I had a great day, it was just a shame I couldn't stick around for beers afterwards. Next time!

Saturday, 18 April 2009

ASP.NET Scalability at WebDD

Thanks to everyone who attended my session on ASP.NET scalability at WebDD today - I hope you all found it useful. I got to the end of the section on caching, which is more or less the first half, and realised I had ten minutes left for the entire second half, so apologies for having to race through the rest of the slides. If anyone has any questions please feel free to post them in the comments here and I'll answer them.

I had a few questions afterwards over coffee, which were:
Q) Output Caching. Can you VaryBy things other than elements in the QueryString?
A) Yes, there are a range of VaryBy options: VaryByContentEncoding, VaryByControl, VaryByHeader, and VaryByCustom. In each case ultimately it boils down to a string. There's a discussion of all these options on MSDN, but basically VaryByContentEncoding's probably not going to help you too much since this looks at what encodings your browser can accept e.g. compressed content (and remember that I mentioned all the current browsers (and previous generation browsers) can accept compressed content). VaryByHeader looks at a semi-colon seperated list of HTTP headers. VaryByControl looks at the controls declared inside a UserControl. VaryByCustom is perhaps the most interesting as it allows you to roll your own scheme by implementing GetVaryByCustomString in your Global.asax file, or if you set it to 'browser' it caches page instances based on the browser name and major version.

Q) Is there a reason not to use VaryByParam=*?
A) VaryByParam=* will cache pages on all combinations of elements in the QueryString - I can only tell you what it does, it's up to you to decide whether this facility is going to fit into your application or not.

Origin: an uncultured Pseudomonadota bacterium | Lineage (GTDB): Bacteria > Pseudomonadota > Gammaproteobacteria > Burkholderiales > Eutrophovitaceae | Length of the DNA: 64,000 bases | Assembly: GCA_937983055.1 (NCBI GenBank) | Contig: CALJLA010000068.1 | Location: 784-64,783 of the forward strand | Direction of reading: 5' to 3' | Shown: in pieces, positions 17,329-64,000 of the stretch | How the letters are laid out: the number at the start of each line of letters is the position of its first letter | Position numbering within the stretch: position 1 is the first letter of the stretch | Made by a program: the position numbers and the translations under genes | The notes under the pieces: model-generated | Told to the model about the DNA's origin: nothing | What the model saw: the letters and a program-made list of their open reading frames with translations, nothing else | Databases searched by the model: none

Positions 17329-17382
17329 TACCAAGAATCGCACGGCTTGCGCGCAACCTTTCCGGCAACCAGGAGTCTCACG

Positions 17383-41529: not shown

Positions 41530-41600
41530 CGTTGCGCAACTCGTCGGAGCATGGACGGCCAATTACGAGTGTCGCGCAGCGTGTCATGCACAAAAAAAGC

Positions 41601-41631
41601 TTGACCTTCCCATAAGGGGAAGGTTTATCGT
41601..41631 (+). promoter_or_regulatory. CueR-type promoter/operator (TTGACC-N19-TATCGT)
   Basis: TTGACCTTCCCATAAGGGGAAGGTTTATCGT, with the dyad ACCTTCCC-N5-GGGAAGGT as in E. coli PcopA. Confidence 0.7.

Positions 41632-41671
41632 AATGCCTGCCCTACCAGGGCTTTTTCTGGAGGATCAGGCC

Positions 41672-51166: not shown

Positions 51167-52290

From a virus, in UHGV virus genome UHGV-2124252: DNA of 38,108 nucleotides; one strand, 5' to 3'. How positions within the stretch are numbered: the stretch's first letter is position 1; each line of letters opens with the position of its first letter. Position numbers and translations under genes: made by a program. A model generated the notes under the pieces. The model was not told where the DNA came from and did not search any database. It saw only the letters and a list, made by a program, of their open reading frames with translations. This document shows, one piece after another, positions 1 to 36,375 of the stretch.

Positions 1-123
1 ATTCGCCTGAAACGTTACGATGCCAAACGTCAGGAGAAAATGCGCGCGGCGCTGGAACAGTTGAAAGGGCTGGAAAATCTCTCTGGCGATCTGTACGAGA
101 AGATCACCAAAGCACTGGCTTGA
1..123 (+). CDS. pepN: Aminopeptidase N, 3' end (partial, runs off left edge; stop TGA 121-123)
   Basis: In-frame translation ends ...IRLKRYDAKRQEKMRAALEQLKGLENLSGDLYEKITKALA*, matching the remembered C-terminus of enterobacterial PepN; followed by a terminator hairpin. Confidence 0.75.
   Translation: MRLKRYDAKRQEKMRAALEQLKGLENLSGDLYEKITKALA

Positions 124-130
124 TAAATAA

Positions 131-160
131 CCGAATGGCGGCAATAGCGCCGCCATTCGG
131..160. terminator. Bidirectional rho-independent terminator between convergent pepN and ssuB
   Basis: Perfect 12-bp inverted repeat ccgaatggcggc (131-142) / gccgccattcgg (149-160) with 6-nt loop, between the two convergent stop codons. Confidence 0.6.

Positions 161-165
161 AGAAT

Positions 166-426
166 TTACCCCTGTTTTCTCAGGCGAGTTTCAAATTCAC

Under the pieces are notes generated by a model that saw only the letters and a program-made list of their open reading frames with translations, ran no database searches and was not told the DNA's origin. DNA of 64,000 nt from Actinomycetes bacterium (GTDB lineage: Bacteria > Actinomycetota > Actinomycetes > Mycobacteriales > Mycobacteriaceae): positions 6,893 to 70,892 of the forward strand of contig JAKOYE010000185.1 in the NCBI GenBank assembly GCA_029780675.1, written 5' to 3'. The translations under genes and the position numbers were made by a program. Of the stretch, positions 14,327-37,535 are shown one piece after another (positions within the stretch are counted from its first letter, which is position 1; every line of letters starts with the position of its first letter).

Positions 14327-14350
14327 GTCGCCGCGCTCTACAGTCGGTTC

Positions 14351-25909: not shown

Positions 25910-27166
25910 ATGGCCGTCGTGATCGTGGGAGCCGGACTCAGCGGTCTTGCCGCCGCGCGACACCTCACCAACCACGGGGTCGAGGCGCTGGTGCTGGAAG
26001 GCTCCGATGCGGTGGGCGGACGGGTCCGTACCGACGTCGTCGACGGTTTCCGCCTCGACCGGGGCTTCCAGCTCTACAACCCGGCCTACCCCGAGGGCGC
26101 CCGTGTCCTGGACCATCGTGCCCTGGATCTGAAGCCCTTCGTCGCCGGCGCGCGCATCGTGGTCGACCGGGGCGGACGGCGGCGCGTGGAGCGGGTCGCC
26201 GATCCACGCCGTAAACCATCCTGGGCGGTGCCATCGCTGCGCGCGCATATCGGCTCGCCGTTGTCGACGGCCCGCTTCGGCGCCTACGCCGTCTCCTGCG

Q) Can you cache objects for longer than 20 minutes?
A) Yes. If you use sliding expiration, it takes a System.TimeSpan object. TimeSpan has three constructors - I used the hours/minutes/seconds constructor, but there's nothing to stop you using the second constructor which adds a days parameter onto the constructor. Bear in mind, however, that doing that means you're sacrificing that much memory on your server for that length of time. As with so many things in scalability, it's a trade-off...

Q) Do you need command-line access to your server to enable a SQL database for SQLCacheDependencies?
A) No. There's two options here: one is to keep in mind that the ASPNET_REGSQL command-line tool takes a server name from the -S parameter - this can be any SQL server that is on your network, you don't have to run the tool locally to the server you're enabling.
The second option is to use the SqlCacheDependencyAdmin static class, which gives you the ability to programmatically enable and disable databases and tables for cache dependencies.

Thursday, 16 April 2009

Manually Uninstalling Velocity CTP2

Now that Velocity CTP3 is out I was looking forward to installing it however going through Add/Remove Programs it prompted me to locate the original installation MSI. Which I haven't got any more :-(

However I contacted the Velocity team and they sent me instructions for manually removing CTP2.

"Note: To un-install Velocity CTP bits use 'Add-Remove Program', however for scenarios where a user is unable to un-install e.g.
'Add-Remove Program' entry is missing, following workaround of using manual steps for un-installation can be used, but they need to be done at users discretion.

Below steps assume removal of Velocity Service and product from a single machine, to un-install multi node Velocity cluster below steps need to be performed on each machine (node)

1. Under 'Administration Tools' -> 'Services' ensure that Velocity service DistributedCacheService with Display Name "Microsoft project code named "Velocity" is stopped

2. Go to Command Prompt and use SC.EXE command to delete velocity service i.e.

SC.EXE delete DistributedCacheService

3. To ensure removal of entries from 'Add-Remove Program' for existing 'Velocity Installer', Download and install 'Windows Installer Cleanup Tool' as per following KB , Or directly from

Launch the above installed Tool and from the list choose 'Microsoft project code name "Velocity" CTP2' and select Remove

4. Next delete files under installed folder, typically under \Program Files\Microsoft Distributed Cache\V1.0

5. Remove 'Firewall Exception' for DistributedCacheService

6. If Cluster Config Store chosen during installation was 'XML'